May 262010

It took some time, but the inevitable has happened: as of 2:15 pm today, Apple is worth more than Microsoft.

The pwnage of Microsoft represents another milestone in the enhancement of users’ relationships with the stuff of their lives and work ever since Jobs took back the helm in 1997. We expect more insane greatness in the years to come.

The Apple enthusiast community would also like to take a moment to thank Microsoft for consistently dismissing, deriding and failing to emulate Cupertino’s success. Your fat heads and bloated carcass helped make this moment possible.


May 262010

M$ doesn’t have much of a presence in markets that aren’t inherited. As opposed to the Windows, Office and Server dinosaurs, Microsoft’s attempts at making things people actually want to use have been somewhat less successful. The entity known as the “Entertainment and Devices” division of Microsoft has been a balance sheet singularity responsible for, among other things, the RROD and the Zune each contributing to the copious effluence of red ink gushing from the division since it first appearance in the books. A series of mostly underwhelming and universally capital-hemorrhaging products and vapor paved the way for the latest slap against Ballmer’s flabby jowls. When SB appeared onstage at CES, he was groping an HP tablet called the Slate, a device meant to compete with the soon-to-be-shipped iPad. When HP bought Palm, they pulled the plug on the device a mere 5 months after SB fondled a demo in front of hundreds of frothing keynoters. The term I’m looking for here is “suck it”.

Making shitastic products is one thing; losing a major hardware host partner is quite another. Ballmer has put his foot down. After 22 years, Robbie Bach is hitting the bricks.

I want to spend a second on the HP-Palm thing. In the salad years, when Microsoft said “jump”, its hardware partners grabbed their ankles. Without question. Back then, pulling off an acquisition that could be perceived as competing with a M$ offering would have gotten you kicked off the Windows tit in a heartbeat. Now, in 2010, one of the largest PC builders thinks nothing of acquiring a company that competes directly with Redmond in the mobile space, potentially risking their status as a Windows OEM to do it. They pulled a product made for their Masters out of the pipeline – practically out of Ballmer’s hands – in the process. No wonder you can still see the skidmarks in Redmond where Robbie’s ass bounded to the curb.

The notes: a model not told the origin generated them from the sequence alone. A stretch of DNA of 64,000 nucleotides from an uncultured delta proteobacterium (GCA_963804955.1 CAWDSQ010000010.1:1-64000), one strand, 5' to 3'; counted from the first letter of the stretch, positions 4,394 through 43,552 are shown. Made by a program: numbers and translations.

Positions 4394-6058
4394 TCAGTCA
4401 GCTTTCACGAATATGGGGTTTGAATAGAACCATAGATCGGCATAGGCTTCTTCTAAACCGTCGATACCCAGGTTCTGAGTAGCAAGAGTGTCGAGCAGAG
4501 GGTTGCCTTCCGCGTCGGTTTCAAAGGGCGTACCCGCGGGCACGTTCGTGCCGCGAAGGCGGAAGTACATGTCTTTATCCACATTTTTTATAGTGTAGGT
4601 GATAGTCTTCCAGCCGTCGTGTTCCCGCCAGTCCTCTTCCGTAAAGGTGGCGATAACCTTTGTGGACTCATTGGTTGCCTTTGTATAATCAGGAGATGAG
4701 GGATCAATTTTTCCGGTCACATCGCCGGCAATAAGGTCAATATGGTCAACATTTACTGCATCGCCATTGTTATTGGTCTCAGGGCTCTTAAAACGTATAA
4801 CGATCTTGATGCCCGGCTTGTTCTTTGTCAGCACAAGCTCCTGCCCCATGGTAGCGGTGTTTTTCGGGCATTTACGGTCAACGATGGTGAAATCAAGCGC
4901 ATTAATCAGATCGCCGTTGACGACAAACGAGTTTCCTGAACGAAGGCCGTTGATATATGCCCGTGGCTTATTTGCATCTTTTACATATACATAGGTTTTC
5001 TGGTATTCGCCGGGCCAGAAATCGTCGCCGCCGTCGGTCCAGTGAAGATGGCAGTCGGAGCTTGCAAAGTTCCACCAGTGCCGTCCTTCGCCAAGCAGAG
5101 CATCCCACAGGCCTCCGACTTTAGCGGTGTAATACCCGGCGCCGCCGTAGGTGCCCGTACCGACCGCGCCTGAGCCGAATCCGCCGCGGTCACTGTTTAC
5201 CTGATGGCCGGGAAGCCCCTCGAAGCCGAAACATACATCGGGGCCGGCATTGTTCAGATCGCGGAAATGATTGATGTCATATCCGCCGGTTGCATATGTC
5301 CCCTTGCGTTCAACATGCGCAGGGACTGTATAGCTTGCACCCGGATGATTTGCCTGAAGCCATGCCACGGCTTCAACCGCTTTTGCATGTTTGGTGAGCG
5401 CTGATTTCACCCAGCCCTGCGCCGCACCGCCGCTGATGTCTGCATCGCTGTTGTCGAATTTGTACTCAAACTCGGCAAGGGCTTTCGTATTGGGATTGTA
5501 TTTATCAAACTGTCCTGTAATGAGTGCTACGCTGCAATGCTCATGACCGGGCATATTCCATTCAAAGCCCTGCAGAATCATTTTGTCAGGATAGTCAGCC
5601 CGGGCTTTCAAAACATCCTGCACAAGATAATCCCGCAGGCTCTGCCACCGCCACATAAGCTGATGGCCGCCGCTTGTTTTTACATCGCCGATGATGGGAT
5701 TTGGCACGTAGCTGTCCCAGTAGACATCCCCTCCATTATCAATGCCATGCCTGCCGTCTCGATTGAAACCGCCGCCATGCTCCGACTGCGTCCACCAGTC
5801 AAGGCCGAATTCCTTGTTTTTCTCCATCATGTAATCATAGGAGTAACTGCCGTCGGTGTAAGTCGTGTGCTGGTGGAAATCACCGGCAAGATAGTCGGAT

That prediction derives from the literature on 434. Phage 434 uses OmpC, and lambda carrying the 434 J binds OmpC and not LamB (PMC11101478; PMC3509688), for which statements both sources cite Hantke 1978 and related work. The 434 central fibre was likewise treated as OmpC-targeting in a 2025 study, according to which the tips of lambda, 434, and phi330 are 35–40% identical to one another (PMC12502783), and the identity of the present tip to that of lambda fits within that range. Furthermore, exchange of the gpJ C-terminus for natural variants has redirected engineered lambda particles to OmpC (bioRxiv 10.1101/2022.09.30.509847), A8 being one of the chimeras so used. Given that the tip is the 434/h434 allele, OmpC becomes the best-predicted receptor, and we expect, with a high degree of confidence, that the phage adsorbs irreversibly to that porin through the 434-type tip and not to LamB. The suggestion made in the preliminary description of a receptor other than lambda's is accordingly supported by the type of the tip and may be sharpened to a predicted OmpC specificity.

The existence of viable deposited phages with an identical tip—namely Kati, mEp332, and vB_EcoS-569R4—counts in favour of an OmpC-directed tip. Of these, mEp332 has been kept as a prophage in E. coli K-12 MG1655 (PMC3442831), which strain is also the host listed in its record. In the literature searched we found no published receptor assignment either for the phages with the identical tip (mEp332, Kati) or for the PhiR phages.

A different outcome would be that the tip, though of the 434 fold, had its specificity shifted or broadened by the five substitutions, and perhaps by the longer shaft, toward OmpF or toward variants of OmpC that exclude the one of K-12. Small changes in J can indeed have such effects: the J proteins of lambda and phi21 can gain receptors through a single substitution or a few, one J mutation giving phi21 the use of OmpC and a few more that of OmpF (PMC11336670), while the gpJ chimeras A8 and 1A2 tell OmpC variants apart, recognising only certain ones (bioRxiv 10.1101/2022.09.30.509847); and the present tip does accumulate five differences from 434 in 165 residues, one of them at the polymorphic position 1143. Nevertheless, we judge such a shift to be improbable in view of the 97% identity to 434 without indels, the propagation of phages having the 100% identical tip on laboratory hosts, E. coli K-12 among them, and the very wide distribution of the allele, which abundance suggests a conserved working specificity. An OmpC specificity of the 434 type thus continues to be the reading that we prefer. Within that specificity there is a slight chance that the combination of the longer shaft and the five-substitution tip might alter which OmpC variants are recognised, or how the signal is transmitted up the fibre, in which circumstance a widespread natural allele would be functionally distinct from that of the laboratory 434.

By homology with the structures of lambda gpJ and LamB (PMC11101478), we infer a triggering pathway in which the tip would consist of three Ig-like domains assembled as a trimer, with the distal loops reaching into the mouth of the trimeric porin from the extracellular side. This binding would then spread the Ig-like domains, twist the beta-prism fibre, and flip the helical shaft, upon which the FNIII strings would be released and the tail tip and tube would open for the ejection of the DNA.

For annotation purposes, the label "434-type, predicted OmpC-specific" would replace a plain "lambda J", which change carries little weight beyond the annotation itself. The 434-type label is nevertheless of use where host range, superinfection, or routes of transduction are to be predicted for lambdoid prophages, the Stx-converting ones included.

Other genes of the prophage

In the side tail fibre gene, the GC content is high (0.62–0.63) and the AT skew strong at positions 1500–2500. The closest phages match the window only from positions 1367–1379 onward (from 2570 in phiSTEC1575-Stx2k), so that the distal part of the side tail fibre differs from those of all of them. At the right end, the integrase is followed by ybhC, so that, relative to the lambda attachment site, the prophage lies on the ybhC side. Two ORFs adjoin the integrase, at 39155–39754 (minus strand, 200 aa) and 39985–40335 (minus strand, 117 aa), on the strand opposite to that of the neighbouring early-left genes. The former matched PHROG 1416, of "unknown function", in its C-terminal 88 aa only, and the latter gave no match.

A week prior, M$’s Chief Experience Officer and CTO for E&D J Allard decided not to return from a sabbatical, possibly due to the dirt nap taken by the Courier project, something J (just J, got it?) was personally championing. Apparently Allard was disappointed that the Courier never graduated from “design student animation thesis” to, you know, something with specs and stuff that could actually be built. Maybe he missed the Microsoft orientation video on vaporware.

Looks like some senior vermin are taking the plunge from the SS Borg. Maybe they see the future for Microsoft that everyone else in tech sees.

So who will take on responsibility for the latest sucking void within the sucking void that is E&D?

Effective July 1, Don Mattrick, who leads our interactive entertainment business, and Andy Lees, who leads our mobile communications business, will report directly to me.

The “me”? Steve Ballmer. If you’re a Microsoft competitor, this is liquid awesome.

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